It’s all about trust

So what do we mean by trust?

Ask someone to define ‘trust’ and you’ll get a variety of answers. The dictionary tells us that ‘trust’ is a ‘reliance on the integrity, strength, confidence and ability of something/someone’. Trust implies depth, assurance and a feeling of certainty that a person or thing will not fail.

Trust is essential in delivering the best children’s services. Trust within our workforce goes both ways – social workers must trust in the leadership of services, and they must be trusted to get on and do the job that they came into the profession to do. The individuals who make up the children’s social care workforce have the opportunity to have a genuinely life-changing impact on our most vulnerable children. They will often find themselves to be the one person in a child’s life who is both trusted enough to understand the problems the child faces and also skilled and confident enough to bring about the change that is needed to address them.

We need the trust and confidence that our services deliver the best possible outcomes for children and their families at a local level. We need political support, confidence and trust that we will make the right decisions for children and their families despite the current financial landscape.

Trust is an essential element in team productivity. Without it, you’re unlikely to get anything meaningful done. But with it, teams can accomplish everything they set out to do ... and more. As a leader, it’s important that you set an example. Show your team members how critical trust is to you by demonstrating your trust in them, as well as in your colleagues.

Yet the type of trusts the government is talking about in the world of children’s services today couldn’t be further away from this notion of trust.

In ‘Children’s Social Care Reform: A Vision for Change’ the Department for Education (DfE) sets out its ambition to establish diverse and dynamic children’s social care organisations; reform arrangements across agencies for the coordination and accountability of services and responsibilities for safeguarding children; and intervene swiftly and decisively to turn around failing organisations.

Putting Children First’ sets out the DfE’s intention that where councils do not have the capacity or capability to improve children’s social care services within a reasonable timeframe, they will remove those services from council control, delegate functions and transfer them to a not-for-profit organisation (usually a trust) in order to secure sustainable improvement.

While I agree that we cannot allow failure in children’s services, I can’t help but think that by outsourcing these services and forcing local authorities into these trust arrangements, that there is little ‘reliance or confidence’ being shown in them and their capacity to improve. Removing children’s services from direct control of local authorities can cause them to lose their identity and has significant implications for local democracy and the role of elected members. In addition, the indications from other councils are that far from representing a swift and decisive move, each of these trusts took over a year to set up and incurred extra financial costs.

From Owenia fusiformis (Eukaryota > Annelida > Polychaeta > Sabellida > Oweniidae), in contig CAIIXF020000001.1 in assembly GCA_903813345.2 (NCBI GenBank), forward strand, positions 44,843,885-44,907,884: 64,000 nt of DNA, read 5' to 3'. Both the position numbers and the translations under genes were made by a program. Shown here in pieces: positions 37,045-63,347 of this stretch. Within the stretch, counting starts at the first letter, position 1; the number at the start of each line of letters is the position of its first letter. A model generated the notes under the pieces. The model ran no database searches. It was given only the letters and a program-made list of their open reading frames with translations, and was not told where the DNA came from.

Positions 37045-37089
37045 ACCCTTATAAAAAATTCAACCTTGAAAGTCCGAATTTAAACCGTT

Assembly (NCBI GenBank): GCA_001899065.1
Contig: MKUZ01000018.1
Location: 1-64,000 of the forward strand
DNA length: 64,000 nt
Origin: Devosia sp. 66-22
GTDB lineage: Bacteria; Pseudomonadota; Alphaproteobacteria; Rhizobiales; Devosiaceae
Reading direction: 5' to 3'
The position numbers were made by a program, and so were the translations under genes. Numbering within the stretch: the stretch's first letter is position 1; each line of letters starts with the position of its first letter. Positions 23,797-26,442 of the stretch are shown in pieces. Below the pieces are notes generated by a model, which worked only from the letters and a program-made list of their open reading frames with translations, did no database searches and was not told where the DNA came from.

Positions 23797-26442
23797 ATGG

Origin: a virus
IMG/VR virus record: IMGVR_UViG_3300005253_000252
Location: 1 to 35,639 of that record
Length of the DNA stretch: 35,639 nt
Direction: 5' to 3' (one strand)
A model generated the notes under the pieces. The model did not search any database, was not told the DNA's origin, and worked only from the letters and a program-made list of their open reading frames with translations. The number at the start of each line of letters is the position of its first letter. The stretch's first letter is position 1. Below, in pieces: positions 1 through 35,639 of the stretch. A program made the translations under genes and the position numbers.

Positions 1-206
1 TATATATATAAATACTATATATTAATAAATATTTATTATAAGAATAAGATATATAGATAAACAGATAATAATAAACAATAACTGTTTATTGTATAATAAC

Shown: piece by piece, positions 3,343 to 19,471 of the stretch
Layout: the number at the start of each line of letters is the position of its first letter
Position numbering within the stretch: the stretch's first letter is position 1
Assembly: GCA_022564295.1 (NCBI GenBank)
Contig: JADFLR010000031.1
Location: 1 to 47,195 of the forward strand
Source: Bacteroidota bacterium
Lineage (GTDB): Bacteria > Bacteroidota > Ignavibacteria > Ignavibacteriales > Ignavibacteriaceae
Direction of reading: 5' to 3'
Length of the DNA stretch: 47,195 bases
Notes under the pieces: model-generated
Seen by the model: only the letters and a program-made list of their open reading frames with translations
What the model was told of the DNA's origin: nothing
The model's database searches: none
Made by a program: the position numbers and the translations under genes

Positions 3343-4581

Besides a general message that ‘something must be done’ there is little evidence to date to support the ability of the independent trust to improve services so they deliver better outcomes for children. Irrespective of their success or otherwise, government expects to see more ‘not-for-profit’ trusts leading children’s services in a single authority, or having the responsibility for all children’s social care services in a combined authority area. It is also likely that we will see trusts delivering a sub-set of children’s social care services, for example, for leaving care services. This doesn’t sit comfortably with the DfE ambition that, by 2020, over a third of all current local authorities will either be delivering their children’s services through a new model or be actively working towards a different model.

I agree that in extreme circumstances a radical, structural solution is needed to kick start improvement and in our austere times a range of new organisational models, from shared services to combined authorities can offer efficiencies and much needed savings.

However, where this will have the biggest impact is through better self-awareness of performance, understanding our strengths and weaknesses and in the sharing of best practice. Through our collaborative regional arrangements and partners in practice we are harnessing experience and expertise within a self-improving system. Across the children’s services sector we share a passion to improve outcomes for our children. We have the knowledge and experience to develop bespoke arrangements which suit individual circumstances and drive each improvement journey.

Perhaps all we need is to be trusted …

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